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The Charlotte Literary Festival adds a touch of soul for 2010 

This month, the Charlotte Literary Festival makes a comeback — and in yet another incarnation. Hosted by the NoDa-based used book retailer RealEyes Bookstore, the fifth annual festival is adding music to its slate of programming this year.

According to Darren "Jaz" Vincent, owner of RealEyes and founder of the festival, joining forces with the Neo-Soul Music Festival will make sure readers and non-readers alike have something that appeals to them about the two-day event.

"I felt like it was time to expand," says Vincent. "We were always approached about having entertainment [from] national recording artists, but we didn't want to interrupt the energy that we had going on."

This year's festival — held on Sept. 10 and 11 at the Park Expo & Conference Center — brings bestselling authors Mary Monroe and Susan Taylor, along with famed poet Sonia Sanchez, to the Charlotte for the city's only major literary event. (Budget cuts forced the cancellation of the Charlotte-Mecklenburg Public Library's Novello festival. But volunteers, led by UNC-Charlotte professor Mark West, will host "A Tribute to Novello" on Oct. 1, 2 and 9. Oct. 1 and 2 will feature adult authors and Oct. 9 will feature young adult and children's authors.)

On the music side, co-organizer Shannon Wright says partnering with the literary festival was pretty much a no-brainer. The musical entertainment will feature performances from vocalists Dwele, N'dambi and Algebra Blessett.

"The Neo-Soul Festival represents artists who express themselves artistically in a way that you aren't allowed to do in pop culture with pop music generally," says Wright. "With what Jaz was doing with the literary festival, we thought combining the two would be culturally defining ... and give people something more authentic."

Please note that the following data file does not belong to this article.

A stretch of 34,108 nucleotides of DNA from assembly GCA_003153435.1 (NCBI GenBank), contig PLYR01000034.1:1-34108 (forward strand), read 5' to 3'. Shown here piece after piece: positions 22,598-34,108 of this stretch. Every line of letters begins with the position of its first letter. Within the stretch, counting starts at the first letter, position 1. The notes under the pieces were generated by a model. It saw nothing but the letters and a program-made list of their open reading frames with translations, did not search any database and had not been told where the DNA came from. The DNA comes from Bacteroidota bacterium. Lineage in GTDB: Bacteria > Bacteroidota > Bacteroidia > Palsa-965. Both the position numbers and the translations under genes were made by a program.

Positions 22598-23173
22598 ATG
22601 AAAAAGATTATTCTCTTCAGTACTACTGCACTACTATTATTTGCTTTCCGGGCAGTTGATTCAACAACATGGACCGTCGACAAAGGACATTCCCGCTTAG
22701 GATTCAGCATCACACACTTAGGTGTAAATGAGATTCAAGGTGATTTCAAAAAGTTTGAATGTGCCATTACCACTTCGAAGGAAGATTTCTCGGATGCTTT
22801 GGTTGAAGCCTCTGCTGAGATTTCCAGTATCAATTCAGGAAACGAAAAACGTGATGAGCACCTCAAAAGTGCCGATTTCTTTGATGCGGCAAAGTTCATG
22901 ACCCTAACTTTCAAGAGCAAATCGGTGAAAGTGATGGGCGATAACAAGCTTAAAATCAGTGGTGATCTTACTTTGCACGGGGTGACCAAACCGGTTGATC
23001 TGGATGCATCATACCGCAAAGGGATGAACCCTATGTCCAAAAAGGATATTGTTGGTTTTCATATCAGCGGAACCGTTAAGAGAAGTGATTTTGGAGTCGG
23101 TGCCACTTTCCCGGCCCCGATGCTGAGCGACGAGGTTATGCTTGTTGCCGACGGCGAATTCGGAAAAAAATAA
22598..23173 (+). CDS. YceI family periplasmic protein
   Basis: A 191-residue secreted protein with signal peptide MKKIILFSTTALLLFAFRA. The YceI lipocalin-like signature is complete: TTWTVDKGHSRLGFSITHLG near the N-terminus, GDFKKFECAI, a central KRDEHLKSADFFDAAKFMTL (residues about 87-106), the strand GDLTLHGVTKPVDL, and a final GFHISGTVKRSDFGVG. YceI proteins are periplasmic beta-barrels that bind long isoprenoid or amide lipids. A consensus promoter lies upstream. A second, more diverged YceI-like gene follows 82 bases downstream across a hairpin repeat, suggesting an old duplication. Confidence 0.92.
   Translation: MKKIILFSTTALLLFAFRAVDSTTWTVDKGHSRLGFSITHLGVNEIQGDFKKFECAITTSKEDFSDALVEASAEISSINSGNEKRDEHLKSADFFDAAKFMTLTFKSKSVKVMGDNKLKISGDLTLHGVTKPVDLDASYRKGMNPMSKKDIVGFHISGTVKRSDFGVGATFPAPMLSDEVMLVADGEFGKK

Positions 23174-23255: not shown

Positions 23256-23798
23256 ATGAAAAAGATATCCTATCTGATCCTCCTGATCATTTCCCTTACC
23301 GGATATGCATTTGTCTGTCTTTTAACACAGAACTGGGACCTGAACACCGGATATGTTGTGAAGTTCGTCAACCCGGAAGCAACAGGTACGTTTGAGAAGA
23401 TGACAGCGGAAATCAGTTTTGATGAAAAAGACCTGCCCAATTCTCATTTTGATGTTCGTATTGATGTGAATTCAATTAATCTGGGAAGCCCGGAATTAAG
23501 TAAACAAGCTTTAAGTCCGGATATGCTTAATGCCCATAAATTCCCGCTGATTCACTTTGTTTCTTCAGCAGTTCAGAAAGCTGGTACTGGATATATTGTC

Vincent says the artists who will perform at the festival help to encourage literacy, which has been a cornerstone of the event: "When Shannon approached us about a collaboration with neo-soul, we felt like that fit our clientele and demographics."

Wright points to the N'dambi song, "L.I.E." as to how this music coincides with the literary part of the festival.

"It's written about the Long Island Expressway, and it's about this guy who was taking the L.I.E. home from his job in Manhattan. But he was selling people pipe dreams, and it's about the economy and how the banks deceived everybody ... I thought it was a level of expression that neo-soul artists bring that's on the level of poetry."

The Charlotte Literary Festival takes place Sept. 10 and 11 (Friday, 6 p.m.-10 p.m.; Saturday 11 a.m.-8 p.m.) at The Park Expo & Conference Center (formerly known as the Merchandise Mart), 2500 E. Independence Blvd., Freedom Hall. 248-684-2613. Weekend passes go for $25. For more info, visit www.realeyesbookstore.com.

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